Other drugs have been grown in plants, mostly in the leaves – including treatments for Ebola, lymphoma, and flu – but the drugs must be extracted and purified before use. The grain-based aspect of the MucoRice system avoids these extra steps, the need for cold storage, and protects the antigens on their way through the aggressive stomach acid.

When the plants are ripe, the rice is harvested and ground to a fine powder, then sealed in aluminum packets for storage. When people are ready to be vaccinated, the powder is mixed with about 90 milliliters (1/3 US cup) of liquid and then drunk. Researchers only tested the vaccine with saline (a saline solution that is equivalent to body fluids), but they believe it would work just as well with plain water.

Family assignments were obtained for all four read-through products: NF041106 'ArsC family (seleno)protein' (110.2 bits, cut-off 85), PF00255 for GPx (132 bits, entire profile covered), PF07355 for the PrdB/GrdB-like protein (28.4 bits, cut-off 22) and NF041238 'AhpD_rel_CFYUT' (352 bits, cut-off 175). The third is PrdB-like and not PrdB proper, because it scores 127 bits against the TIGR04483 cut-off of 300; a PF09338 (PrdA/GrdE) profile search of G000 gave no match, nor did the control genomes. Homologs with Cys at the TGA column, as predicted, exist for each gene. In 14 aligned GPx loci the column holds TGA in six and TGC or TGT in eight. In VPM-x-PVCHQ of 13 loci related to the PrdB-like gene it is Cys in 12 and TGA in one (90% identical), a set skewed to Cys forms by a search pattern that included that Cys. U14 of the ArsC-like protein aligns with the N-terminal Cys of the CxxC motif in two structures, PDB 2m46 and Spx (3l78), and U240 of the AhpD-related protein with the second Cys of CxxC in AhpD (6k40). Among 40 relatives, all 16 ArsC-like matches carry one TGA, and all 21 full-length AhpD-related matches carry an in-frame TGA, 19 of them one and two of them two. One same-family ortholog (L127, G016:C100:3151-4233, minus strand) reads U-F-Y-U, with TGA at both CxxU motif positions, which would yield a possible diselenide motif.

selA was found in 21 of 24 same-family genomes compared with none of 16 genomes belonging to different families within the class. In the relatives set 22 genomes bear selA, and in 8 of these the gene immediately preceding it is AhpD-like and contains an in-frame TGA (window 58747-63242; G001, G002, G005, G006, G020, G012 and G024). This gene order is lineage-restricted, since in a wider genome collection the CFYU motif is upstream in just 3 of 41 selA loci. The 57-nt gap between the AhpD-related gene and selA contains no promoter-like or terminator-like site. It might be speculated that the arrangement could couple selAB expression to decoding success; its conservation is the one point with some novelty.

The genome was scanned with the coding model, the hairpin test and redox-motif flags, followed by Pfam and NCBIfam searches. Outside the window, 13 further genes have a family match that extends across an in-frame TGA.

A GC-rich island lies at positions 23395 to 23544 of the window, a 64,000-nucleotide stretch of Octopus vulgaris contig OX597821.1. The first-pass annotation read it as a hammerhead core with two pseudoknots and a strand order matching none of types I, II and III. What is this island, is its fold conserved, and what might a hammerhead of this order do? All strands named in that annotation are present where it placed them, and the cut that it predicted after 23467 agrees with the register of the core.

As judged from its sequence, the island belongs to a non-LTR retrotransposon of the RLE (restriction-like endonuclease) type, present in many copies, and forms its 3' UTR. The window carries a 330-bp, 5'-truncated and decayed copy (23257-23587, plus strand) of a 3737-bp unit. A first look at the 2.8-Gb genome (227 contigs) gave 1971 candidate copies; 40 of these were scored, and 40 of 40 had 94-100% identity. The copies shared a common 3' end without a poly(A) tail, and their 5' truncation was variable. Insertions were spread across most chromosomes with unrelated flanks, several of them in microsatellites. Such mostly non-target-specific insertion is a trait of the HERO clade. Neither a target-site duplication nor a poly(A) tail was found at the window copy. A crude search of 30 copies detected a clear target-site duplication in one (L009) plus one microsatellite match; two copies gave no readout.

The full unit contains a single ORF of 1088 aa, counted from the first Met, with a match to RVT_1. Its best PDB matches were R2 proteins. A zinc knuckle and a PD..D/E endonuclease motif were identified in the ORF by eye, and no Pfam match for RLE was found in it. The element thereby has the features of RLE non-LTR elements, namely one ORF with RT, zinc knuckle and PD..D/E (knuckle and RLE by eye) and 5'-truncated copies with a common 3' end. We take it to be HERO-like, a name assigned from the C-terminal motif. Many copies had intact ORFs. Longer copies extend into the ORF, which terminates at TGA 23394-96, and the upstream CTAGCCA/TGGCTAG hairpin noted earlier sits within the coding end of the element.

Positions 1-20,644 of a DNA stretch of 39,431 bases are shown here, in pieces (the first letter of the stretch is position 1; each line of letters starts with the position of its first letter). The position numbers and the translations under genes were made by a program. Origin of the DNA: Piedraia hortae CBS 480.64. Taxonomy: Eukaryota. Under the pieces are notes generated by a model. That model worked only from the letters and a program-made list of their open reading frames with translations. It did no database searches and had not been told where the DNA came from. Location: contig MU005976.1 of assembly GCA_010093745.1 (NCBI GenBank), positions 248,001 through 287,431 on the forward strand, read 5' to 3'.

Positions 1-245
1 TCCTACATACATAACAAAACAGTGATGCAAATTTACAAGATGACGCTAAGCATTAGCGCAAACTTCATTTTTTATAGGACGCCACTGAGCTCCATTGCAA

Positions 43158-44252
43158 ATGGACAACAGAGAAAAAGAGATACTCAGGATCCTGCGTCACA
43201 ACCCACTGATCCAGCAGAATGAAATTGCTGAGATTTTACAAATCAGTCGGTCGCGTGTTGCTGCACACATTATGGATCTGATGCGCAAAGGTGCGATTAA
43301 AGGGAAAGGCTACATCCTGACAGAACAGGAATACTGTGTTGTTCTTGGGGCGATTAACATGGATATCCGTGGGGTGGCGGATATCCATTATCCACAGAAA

Gut immunity is strong, but the microbiome complicates it

“The nice thing about our vaccine is that it makes good use of the immune system of the body’s mucous membranes via the intestines to induce antigen-specific antibodies,” said Dr. Kiyono.

MucoRice-CTB penetrates the body through the intestinal lining and mimics a natural way of encountering and responding to germs. The stimulation of the mucosal immune system produces two classes of antibodies that identify and specifically remove germs, IgG and IgA. Vaccines that are injected under the skin or into a muscle generally only raise IgG, not IgA, antibodies.

Volunteers who responded to MucoRice-CTB had the highest blood levels of antigen-specific IgG and IgA after eight to 16 weeks.

However, 11 of the 30 volunteers who received the vaccine had a weak or no measurable immune response. All study participants said they had never traveled outside of Japan, so it is unlikely that they had prior exposure or natural immunity to V. cholerae or pathogenic E. coli.